New Australian pterosaur may have survived the longest

Pterosaur
Pterosaur

The discovery of a previously unknown species of pterosaur, which may have persisted as late as the Turonian period (90-93 million years ago), is reported in Scientific Reports this week. The fossil, which includes parts of the skull and five vertebrae, is the most complete pterosaur specimen ever found in Australia. The findings suggest it may be a late-surviving member of the Anhanguera genus of pterodactyls, which were believed to have gone extinct at the end of the Cenomanian period (100-94 million years ago).

Pterosaurs are known from fossils discovered on every continent but their remains are often incomplete and fragmentary because their bones are thin and hollow. The fossil record for pterosaurs in Australia is particularly sparse with only 20 known fragmentary specimens.

Adele Pentland and colleagues discovered the new pterosaur, which they have named Ferrodraco lentoni (from the Latin ferrum (iron), in reference to the ironstone preservation of the specimen, and the Latin draco (dragon)), in the Winton Formation of Queensland. Based on the shape and characteristics of its jaws, including crests on upper and lower jaw and spike-shaped teeth, the authors identified the specimen as belonging to the Anhanguera, which are known from the Early Cretaceous Romualdo Formation of Brazil. Comparison with other anhanguerian pterosaurs suggests that Ferrodraco’s wingspan measured approximately four metres. The authors also report a number of unique dental characteristics, including small front teeth, which distinguish Ferrodraco from other anhanguerians and identify it as a new species.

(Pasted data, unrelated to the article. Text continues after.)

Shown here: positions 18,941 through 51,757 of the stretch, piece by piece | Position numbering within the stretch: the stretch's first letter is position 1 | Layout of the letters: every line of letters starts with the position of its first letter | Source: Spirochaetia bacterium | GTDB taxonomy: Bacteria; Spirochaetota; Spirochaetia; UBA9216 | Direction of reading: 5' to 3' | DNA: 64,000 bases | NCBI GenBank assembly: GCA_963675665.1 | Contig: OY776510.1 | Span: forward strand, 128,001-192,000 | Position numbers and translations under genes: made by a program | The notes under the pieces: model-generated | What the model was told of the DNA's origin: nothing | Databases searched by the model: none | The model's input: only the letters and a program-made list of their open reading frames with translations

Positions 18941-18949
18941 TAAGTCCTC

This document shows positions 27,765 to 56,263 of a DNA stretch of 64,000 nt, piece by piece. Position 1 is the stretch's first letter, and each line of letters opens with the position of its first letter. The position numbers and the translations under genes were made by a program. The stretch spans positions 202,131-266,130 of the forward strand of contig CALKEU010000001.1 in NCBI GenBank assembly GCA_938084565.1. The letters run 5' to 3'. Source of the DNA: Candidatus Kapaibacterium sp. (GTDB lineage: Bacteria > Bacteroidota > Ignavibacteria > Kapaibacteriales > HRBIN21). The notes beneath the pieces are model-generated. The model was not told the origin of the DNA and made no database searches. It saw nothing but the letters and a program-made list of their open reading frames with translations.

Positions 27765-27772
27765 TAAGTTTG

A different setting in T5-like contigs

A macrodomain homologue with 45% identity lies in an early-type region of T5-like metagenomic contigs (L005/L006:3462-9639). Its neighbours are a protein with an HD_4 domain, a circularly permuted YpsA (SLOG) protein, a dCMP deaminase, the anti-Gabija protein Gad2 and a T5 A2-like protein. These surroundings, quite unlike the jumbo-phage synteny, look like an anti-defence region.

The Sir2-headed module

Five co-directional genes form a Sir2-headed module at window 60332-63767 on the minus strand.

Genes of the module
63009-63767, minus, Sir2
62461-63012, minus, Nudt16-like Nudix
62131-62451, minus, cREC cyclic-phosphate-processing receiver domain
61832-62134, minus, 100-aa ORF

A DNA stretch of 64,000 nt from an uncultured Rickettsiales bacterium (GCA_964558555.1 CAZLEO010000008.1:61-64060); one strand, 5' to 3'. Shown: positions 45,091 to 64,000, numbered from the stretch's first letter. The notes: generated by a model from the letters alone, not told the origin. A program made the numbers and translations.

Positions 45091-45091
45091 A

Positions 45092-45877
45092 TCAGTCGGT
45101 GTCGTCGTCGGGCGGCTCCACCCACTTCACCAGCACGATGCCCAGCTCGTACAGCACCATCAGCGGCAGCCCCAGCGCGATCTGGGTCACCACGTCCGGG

The fossil was discovered in 2017 in a part of the Winton formation that may have formed as late as the early Turonian, which suggests that the anhanguerians may have survived later in Australia than elsewhere.

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Reference:
Ferrodraco lentoni gen. et sp. nov., a new ornithocheirid pterosaur from the Winton formation (cenomanian-lower turonian) of Queensland, Australia, DOI: 10.1038/s41598-019-49789-4

Note: The above post is reprinted from materials provided by Nature Publishing Group.